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How can I detect when an Exception has been thrown anywhere in my application?

I'm try to auto-magically send myself an email whenever an exception is thrown anywhere in my Java Desktop Application. I figure this way I can be more proactive.

I know I could just explicitly log and notify myself whenever an exception occurs, but I'd have to do it everywhere and I might(more likely will) miss a couple.

Any suggestions?

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9 Answers 9

up vote 29 down vote accepted

You probobly don't want to mail on any exception. There are lots of code in the JDK that actaully depend on exceptions to work normally. What I presume you are more inerested in are uncaught exceptions. If you are catching the exceptions you should handle notifications there.

In a dektop app there are two places to worry about this, in the Event Dispatch Thread (EDT) and outside of the EDT. Globaly you can register a class implementing java.util.Thread.UncaughtExceptionHandler and register it via java.util.Thread.setDefaultUncaughtExceptionHandler. This will get called if an exception winds down to the bottom of the stack and the thread hasn't had a handler set on the current thread instance on the thread or the ThreadGroup.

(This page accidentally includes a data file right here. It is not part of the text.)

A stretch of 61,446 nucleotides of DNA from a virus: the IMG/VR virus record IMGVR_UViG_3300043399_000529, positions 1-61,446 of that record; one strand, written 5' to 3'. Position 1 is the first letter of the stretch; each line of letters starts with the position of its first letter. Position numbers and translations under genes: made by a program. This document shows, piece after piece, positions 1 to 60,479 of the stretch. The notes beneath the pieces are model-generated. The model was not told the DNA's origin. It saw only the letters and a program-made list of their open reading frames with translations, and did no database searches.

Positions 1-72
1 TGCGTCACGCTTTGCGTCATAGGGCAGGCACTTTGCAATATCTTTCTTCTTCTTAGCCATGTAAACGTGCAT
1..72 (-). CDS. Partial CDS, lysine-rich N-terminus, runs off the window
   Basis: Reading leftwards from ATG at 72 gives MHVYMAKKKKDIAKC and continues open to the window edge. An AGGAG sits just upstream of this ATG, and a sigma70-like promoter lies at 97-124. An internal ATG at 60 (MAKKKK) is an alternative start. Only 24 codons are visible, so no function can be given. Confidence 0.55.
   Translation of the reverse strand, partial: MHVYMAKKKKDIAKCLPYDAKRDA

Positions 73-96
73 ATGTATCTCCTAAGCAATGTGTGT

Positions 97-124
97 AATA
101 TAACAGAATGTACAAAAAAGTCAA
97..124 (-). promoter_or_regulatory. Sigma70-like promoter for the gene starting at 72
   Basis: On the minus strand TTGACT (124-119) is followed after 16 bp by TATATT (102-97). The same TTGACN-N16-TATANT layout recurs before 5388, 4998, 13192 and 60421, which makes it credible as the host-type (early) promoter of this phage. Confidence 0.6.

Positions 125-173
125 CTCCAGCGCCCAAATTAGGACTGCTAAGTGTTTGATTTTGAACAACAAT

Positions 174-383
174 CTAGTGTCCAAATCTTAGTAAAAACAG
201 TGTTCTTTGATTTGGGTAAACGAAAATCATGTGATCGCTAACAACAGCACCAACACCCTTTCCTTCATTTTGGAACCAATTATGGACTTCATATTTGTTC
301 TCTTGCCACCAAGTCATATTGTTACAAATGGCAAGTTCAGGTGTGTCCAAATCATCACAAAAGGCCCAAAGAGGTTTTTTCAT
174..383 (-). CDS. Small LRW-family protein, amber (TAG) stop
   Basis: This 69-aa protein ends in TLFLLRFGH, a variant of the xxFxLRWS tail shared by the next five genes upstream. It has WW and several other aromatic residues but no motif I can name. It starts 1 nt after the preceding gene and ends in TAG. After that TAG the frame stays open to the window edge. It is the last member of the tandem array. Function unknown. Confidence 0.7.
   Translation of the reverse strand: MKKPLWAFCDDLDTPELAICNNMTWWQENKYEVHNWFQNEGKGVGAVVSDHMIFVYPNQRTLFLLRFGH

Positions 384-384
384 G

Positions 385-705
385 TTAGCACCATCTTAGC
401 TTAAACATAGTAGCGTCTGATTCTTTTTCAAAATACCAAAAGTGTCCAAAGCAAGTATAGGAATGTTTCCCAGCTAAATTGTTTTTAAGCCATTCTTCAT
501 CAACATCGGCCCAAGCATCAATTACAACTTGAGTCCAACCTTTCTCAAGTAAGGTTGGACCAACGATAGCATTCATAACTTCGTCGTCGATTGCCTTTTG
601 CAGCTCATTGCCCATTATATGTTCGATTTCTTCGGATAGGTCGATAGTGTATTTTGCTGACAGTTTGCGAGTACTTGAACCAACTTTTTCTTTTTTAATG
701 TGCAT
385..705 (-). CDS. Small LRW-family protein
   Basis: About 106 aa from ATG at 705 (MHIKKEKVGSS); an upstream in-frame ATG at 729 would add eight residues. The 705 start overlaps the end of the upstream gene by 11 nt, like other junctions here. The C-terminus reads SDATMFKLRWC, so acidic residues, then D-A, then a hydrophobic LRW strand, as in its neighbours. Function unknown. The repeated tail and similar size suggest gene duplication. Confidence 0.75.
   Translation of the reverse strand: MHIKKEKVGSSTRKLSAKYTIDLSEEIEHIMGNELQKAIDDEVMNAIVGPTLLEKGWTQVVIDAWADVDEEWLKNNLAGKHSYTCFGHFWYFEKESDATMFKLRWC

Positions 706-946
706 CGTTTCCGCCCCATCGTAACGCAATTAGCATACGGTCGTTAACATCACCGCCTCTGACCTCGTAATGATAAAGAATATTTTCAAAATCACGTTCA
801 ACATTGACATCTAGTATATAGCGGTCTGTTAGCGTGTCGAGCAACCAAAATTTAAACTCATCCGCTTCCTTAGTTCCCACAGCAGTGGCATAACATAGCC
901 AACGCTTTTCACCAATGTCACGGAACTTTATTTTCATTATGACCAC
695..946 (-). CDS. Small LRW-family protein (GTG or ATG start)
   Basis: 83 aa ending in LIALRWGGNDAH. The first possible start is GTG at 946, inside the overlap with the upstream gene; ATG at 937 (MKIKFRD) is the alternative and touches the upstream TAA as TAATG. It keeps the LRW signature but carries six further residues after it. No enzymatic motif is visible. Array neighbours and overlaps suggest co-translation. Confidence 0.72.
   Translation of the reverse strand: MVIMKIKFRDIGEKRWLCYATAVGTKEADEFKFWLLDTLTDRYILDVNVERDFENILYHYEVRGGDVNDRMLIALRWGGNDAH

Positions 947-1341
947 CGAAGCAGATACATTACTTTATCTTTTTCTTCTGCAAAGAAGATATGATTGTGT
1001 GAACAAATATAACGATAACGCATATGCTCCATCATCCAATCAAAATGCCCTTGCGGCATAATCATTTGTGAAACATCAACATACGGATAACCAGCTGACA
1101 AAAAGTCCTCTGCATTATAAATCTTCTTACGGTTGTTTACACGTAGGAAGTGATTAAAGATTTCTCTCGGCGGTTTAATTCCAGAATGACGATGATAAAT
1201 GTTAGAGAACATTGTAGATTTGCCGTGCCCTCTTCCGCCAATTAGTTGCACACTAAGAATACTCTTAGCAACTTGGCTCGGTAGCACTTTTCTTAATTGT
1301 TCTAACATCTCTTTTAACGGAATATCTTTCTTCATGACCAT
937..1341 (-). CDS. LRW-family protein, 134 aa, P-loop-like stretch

The EDT has a different hook for handling exceptions. A system property 'sun.awt.exception.handler' needs to be registerd with the Fully Qualified Class Name of a class with a zero argument constructor. This class needs an instance method handle(Throwable) that does your work. The return type doesn't matter, and since a new instance is created every time, don't count on keeping state.

So if you don't care what thread the exception occured in a sample may look like this:

class ExceptionHandler implements Thread.UncaughtExceptionHandler {
  public void uncaughtException(Thread t, Throwable e) {
    handle(e);
  }

  public void handle(Throwable throwable) {
    try {
      // insert your e-mail code here
    } catch (Throwable t) {
      // don't let the exception get thrown out, will cause infinite looping!
    }
  }

  public static void registerExceptionHandler() {
    Thread.setDefaultUncaughtExceptionHandler(new ExceptionHandler());
    System.setProperty("sun.awt.exception.handler", ExceptionHandler.class.getName());
  }
}

Add this class into some random package, and then call the registerExceptionHandler method and you should be ready to go.

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Nice! Thanks for the code. –  Allain Lalonde Sep 16 '08 at 20:10
2  
Why do you need last line System.setProperty("sun.awt.exception.handler", ExceptionHandler.class.getName()); It's working without this line. And sun.awt could be specific to sun's implementation I guess. –  feiroox Dec 14 '09 at 6:07
1